U.S. oil prices surged to a new six-week high on Friday as a falling dollar and the vulnerability of stretched global supplies spurred a new wave of speculative fund buying, traders said.

U.S. light crude (search) jumped 73 cents to $41.50 a barrel, topping this week's earlier high and nearing June's $42.45 peak, a record for the contract's 21-year history.

European benchmark Brent was up 77 cents at $38.25 a barrel, having climbed more than $1 at one point, buoyed also by an exceptionally strong cash crude market in the North Sea.

The market rallied sharply in the afternoon, following news of a muted rise in U.S. inflation and a below-forecast report on consumer inflation that sent the dollar down to four-month lows versus the euro.

That drop appeared to trigger a rush of fund buying onto the energy complex, as investors looked to oil to provide high returns in a time of weakness for fixed-income and foreign exchange markets, analysts say.

Further weakness in the dollar is also like to prompt OPEC (search) to maintain oil prices at higher levels to compensate for reduced purchasing power of the currency for global oil trade.

Oil prices have surged 16 percent in the last three weeks, kept on edge by disruptions to oil supply in Iraq, Norway and Nigeria at a time when the world's spare capacity is at its lowest in more than 10 years.

Iraqi exports in the first half of this month came to only 1.4 million barrels per day (bpd), about 400,000 bpd below capacity, as sporadic pipeline sabotage and technical problems hit flows, shipping sources said.

Price gains were spurred this week by an unexpected decline in U.S. crude and gasoline inventories, plus worries that heating oil supplies are not being built-up quickly enough ahead of the winter.

The U.S. oil data added to fears over supply disruptions at a time when output capacity was being stretched by rapidly growing demand -- estimated to be expanding at 2.5 million barrels per day (bpd) this year, its fastest clip in 24 years, according to the International Energy Agency (IEA).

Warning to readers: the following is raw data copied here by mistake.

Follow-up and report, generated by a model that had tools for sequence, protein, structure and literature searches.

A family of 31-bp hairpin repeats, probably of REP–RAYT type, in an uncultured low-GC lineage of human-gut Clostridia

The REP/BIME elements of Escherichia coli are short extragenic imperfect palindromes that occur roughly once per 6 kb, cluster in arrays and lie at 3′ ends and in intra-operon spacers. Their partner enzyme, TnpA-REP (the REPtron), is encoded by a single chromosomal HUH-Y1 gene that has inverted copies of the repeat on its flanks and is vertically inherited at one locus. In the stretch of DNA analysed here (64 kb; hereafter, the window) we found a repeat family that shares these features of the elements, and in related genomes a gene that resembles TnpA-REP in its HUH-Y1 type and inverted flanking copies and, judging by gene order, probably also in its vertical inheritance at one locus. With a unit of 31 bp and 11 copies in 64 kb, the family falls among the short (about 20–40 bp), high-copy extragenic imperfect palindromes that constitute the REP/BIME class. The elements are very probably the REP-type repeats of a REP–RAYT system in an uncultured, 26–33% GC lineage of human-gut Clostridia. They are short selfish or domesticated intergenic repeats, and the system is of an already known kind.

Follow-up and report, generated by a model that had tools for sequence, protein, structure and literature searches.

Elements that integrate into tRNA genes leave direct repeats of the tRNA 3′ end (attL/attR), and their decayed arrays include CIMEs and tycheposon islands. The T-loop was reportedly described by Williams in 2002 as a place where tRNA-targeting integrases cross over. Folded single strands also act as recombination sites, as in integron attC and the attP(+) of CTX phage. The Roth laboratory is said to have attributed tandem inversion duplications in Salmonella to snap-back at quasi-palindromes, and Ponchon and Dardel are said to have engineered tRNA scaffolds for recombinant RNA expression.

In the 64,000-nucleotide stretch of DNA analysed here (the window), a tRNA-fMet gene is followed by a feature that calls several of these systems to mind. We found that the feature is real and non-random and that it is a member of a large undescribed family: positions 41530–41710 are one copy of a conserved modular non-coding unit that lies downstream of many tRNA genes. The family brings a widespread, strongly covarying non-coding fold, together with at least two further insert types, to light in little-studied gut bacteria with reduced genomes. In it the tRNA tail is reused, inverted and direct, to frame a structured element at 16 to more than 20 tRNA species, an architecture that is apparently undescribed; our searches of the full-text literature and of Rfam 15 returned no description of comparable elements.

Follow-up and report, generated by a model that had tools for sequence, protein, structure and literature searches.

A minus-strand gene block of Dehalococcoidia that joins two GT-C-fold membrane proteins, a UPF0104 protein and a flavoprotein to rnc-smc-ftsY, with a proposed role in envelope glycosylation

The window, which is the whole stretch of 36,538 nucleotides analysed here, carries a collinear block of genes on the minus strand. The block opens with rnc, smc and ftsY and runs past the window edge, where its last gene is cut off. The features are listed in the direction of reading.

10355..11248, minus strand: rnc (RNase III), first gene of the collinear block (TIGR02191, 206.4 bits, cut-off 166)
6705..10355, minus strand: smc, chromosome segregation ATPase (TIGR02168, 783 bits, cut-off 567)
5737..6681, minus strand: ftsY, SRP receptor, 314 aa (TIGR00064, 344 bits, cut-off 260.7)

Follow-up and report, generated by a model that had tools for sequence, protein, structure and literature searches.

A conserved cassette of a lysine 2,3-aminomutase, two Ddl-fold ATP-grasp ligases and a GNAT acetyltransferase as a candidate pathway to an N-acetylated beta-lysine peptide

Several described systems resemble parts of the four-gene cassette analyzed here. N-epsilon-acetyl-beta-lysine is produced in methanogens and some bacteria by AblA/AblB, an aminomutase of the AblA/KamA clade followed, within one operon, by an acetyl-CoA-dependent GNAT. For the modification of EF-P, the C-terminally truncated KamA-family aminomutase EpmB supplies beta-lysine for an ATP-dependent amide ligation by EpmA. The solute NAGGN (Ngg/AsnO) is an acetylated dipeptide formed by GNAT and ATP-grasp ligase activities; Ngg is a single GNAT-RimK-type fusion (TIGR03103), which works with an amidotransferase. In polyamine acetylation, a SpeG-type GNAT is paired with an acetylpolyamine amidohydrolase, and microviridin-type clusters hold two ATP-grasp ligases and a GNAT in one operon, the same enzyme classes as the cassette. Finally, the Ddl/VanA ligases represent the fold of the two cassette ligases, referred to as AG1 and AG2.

The Organization of the Petroleum Exporting Countries is proceeding with its planned output ceiling hike of 500,000 bpd from August 1 in an effort to cool prices, but it looks unlikely to mean more crude.

The group, which controls around half the world's oil exports, is already pumping nearly two million bpd over its new 26 million bpd August quota, very near its maximum capacity.

With little to discuss, the cartel canceled next week's planned ministerial meeting. It will next meet September 15.

Despite hefty production, U.S. crude oil inventories fell last week, an indication that demand may be keeping pace with the higher rate of supply.

"If this demand persists then inventories of crude oil and products will need to build to even higher levels than usual before the peak winter demand season," said Barclays Capital in a report.

"At present there is little prospect of this occurring and the chances of a supply crunch developing by Q4 are rising."

Distillate supplies in the United States, where the Northeast region is a major winter-time consumer of heating oil, have emerged as an early driver for the energy complex as dealers fretted over the pace of pre-winter inventory building.

Heating oil futures reached a year-and-a-half high of $1.1250 a gallon on Friday, the strongest on record for July, when gasoline is typically the market's strongest product. By the afternoon, it was trading up 1.64 cents at $1.1150.

Seeking to avoid panic buying, the Energy Information Administration (search) said on Thursday there was plenty of time to boost heating oil inventories before the winter heating season arrives, so traders should not bid up fuel prices.

This week's EIA data reported a significant build up of 2.7 million barrels in middle distillate inventories for the week ended July 9, putting them three percent above this time last year.